Indiana regulators agree to hear utility request to raise rates in wake of pandemic losses

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Two weeks after 10 Indiana utilities asked state regulators for permission to charge ratepayers for millions of dollars in revenue the utilities stand to lose because of the COVID-19 pandemic, the state has agreed to consider the matter.

The Indiana Utility Regulatory Commission on Wednesday ordered an investigation into the impact of the pandemic on utilities and ratepayers, opening the next stage in a matter that has gained widespread interest. Thousands of consumers have written letters and emails protesting the request from Indianapolis Power & Light Co., Duke Energy Inc. and other electric and gas companies across the state to recover revenue shortfalls from consumers.

The IURC investigation also will consider a request from the Indiana Office of Utility Consumer Counselor seeking certain ratepayer protections, including an extension of utility disconnections beyond the state’s June 30 moratorium and the waiver of all deposits, late fees, convenience fees and reconnection fees.

The IURC did not say whether it would extend the shutoff moratorium, but instead requested further information from utilities and other interested parties.

The two matters will be rolled into one investigation, and the IURC said it will conduct the probe in two phases. In the first phase, it is requesting information from all parties regarding disconnections, utility fees, and customer payment arrangements. It said it will issue an order prior to the June 30 disconnection moratorium.

In its order, the commission stated, “…it would be unreasonable to expect that the financial, health, and other hardships currently being experienced as a result of the COVID-19 pandemic would immediately disappear upon expiration of any public health declaration or disconnection moratorium.”

The second phase of the investigation will consider the utilities’ request to recover lost revenue from consumers in the form of higher monthly bills. The IURC hinted the matter is complex and could require a lengthy investigation.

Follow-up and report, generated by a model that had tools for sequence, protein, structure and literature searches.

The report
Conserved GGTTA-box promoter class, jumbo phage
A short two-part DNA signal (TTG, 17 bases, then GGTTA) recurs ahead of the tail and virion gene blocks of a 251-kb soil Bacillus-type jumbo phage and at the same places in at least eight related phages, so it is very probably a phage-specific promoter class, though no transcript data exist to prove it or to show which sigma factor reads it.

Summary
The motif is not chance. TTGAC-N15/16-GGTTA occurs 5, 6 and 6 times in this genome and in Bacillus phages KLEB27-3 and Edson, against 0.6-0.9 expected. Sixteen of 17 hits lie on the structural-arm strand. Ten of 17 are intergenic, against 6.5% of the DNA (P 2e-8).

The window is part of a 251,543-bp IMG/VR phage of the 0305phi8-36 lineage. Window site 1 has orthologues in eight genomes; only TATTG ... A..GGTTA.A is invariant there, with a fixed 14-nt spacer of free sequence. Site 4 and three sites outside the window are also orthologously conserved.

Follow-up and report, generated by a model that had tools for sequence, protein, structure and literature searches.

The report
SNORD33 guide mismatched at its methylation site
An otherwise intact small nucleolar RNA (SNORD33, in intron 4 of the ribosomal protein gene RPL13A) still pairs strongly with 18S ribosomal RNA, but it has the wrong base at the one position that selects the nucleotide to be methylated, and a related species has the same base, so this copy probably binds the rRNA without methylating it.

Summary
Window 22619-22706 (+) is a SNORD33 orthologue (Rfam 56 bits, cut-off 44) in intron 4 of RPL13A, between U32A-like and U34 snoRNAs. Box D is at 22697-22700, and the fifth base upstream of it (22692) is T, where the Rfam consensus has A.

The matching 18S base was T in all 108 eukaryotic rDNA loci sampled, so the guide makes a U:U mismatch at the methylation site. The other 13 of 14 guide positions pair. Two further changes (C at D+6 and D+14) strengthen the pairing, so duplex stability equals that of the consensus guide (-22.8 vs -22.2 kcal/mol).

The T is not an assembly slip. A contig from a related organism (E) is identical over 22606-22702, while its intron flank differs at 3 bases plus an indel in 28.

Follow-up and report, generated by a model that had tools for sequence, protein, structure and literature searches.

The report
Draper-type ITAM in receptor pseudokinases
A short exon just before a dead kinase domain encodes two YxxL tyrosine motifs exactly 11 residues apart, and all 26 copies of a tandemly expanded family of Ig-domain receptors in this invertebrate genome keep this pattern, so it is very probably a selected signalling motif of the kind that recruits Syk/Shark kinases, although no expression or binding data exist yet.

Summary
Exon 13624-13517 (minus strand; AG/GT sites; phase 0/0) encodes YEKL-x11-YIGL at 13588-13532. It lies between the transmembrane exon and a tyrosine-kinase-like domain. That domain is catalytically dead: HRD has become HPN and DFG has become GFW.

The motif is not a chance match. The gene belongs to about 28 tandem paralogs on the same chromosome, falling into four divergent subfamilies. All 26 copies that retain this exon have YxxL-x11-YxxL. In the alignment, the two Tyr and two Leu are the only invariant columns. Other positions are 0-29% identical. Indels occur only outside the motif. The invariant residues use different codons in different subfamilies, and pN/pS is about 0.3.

“The commission anticipates that impacts due to the COVID-19 pandemic may not be fully understood for months, if not years, as the effect is ongoing,” the order said.

The utilities had filed a joint petition on May 11 saying the pandemic is unprecedented and is causing a “substantial adverse financial impact” on their business. The utilities said they are seeing labor costs rise in the form of overtime, sick time due to prolonged illness, and employee sequestration.

They also claimed they are paying high costs for cleaning supplies, health care, testing and temperature checks, personal protection equipment, and equipment and supplies to enable employees to work from home. Other costs include uncollectible or bad debt expenses associated with some customers’ inability to pay bills.

The utilities added that many businesses might not be in a position to reopen after the emergency recedes. They also said production, supply chains and markets have been disrupted.

It is still unclear how much an average consumer’s monthly bill might increase under the request. Under the plan, the utilities would file rate cases with cost and revenue impacts from the pandemic that could be reviewed and approved by regulators in future rate cases.

Citizens Action Coalition of Indiana, a consumer advocate on utility matters, had mixed reaction to the IURC’s decision to combine both matters into a single investigations. On one hand, it said it was pleased that regulators might take steps to protect consumers, although it was disappointed regulators didn’t immediately extend the shutoff moratorium.

“Furthermore, they leave the door open to the outrageous possibility of the utilities collecting lost revenues caused by load reductions,” Citizens Action said in a statement. “We were hopeful that the commission would reject that request outright and are disappointed with their decision to allow that issue to remain on the table.”

The Indiana Energy Association, a trade group that represents investor-owned utilities, including IPL and Duke Energy, said it was “appreciative of the commission’s quick response” and added it will continue to work with its customers “during this challenging time.”

A collection of municipal and not-for-profit utilities also filed a petition this week to intervene in the matter. They include Richmond Power & Light, Crawfordsville Electric Power & Light, Gibson Water and Schererville Water.